Monday, August 8, 2011

Using Economic History to Understand the Present

For many years I found economic history to be boring and dull, and generally avoided it as much as I could. However, ever since the crash of 2008, I have become fascinated by economic history, mostly because it provides some very useful ways of interpreting our current crisis. You hear a lot of people compare our current situation to the 1930s, but I think it is best to go back further, to the original "Great Depression" between 1873 and 1896. (The term actually dates from that period.) It was a time of extreme volatility exacerbated by the fact that both major political parties refused to break with conventional thinking that favored austerity and limited government action in the economy.

Although there was economic growth and many advances in industry in this era, the economy worldwide was put through horrible convulsions in 1873 and 1893. In America, both financial collapses were brought on by investor panics once the money-men realized that they had overvalued their stock in railroads. Substitute "railroad stock" for "mortgage financed derivatives" and voila, you have something akin to the 2008 financial collapse. If you look at the history of modern capitalism, such sudden financial collapses are quite common: 1819, 1837, 1857, 1873, 1893, 1907, and most famously, 1929. They are not anomalies, but the norm.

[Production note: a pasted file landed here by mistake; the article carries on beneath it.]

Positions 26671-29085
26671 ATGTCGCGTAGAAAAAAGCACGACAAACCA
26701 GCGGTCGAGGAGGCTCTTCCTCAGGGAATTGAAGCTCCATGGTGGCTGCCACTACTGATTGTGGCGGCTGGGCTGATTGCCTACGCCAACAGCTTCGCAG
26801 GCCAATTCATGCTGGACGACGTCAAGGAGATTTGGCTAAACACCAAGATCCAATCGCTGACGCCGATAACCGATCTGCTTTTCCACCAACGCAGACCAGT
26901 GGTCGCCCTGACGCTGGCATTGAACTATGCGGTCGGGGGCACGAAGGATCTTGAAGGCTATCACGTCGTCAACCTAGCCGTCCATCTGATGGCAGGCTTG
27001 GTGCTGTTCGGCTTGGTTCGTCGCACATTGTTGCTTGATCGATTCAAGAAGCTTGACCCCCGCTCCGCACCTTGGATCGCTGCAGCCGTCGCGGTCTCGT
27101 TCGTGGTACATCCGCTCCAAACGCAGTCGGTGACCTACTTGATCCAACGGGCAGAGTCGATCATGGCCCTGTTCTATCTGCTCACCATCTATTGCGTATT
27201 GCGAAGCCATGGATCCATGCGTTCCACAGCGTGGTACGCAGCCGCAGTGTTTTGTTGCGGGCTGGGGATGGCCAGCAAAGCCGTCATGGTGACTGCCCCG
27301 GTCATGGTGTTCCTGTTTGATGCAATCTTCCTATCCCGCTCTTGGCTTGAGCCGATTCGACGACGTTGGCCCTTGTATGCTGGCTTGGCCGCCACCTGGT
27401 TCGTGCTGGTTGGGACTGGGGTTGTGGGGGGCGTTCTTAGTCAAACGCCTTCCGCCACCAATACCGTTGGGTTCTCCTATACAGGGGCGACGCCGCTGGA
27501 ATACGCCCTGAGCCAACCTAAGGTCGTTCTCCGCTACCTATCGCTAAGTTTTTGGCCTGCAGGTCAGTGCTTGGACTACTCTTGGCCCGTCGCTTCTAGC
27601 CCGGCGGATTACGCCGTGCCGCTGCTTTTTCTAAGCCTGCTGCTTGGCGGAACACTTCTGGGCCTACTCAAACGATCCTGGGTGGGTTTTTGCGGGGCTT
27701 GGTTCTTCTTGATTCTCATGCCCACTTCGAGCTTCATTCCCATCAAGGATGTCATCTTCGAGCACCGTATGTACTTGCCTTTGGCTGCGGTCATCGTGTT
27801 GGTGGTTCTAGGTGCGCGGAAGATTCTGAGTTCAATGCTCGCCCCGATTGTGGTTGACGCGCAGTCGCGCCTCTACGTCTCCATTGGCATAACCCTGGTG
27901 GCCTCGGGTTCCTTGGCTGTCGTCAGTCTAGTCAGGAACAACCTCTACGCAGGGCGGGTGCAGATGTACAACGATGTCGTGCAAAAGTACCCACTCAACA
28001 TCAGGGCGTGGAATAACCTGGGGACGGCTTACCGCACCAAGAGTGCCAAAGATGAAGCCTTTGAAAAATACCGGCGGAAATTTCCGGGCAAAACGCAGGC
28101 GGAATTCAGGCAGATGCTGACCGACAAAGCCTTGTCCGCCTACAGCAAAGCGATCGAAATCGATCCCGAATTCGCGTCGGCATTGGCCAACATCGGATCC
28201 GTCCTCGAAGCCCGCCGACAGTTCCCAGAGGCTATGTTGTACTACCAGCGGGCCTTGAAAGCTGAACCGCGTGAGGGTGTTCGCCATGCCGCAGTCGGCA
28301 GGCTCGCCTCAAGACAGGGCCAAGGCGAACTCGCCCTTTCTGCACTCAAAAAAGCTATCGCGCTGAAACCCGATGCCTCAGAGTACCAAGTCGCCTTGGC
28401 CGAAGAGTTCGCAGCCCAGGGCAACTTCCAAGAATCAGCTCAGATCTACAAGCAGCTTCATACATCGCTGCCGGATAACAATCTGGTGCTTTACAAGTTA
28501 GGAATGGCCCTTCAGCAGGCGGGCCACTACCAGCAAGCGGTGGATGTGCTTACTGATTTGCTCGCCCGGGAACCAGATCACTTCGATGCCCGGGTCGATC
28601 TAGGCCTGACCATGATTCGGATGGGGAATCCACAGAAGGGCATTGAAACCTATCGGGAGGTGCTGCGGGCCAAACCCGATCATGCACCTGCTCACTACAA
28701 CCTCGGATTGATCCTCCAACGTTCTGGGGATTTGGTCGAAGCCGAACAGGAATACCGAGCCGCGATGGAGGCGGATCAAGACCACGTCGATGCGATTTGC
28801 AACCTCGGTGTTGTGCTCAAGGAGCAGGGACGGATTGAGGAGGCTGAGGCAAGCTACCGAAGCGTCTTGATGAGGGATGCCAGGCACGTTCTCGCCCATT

As these events well demonstrate, when capitalism is not reigned in, it is a catastrophic force, a kind of economic hurricane, what its proponents like to call "creative destruction." One of the great stories of the twentieth century is how modern industrial societies managed to balance capitalism's economic advantages with social protections that helped shelter the masses against its worst excesses. Those generations who endured the Depression knew that the beast had to be kept under control, and heartily supported the New Deal. For that reason, in the United States there were no banking collapses from 1932 until the S&L crisis of the late 1980s, after the Depression-era restrictions were being lifted. Contrary to what the free marketeers prophesied, the economy grew at unprecedented levels in the post bank regulation period, despite these supposedly deleterious encumbrances. This growth, because of better tax and social policy, did much to benefit the middle and working classes, rather than the wealthiest (as the following graph illustrates.)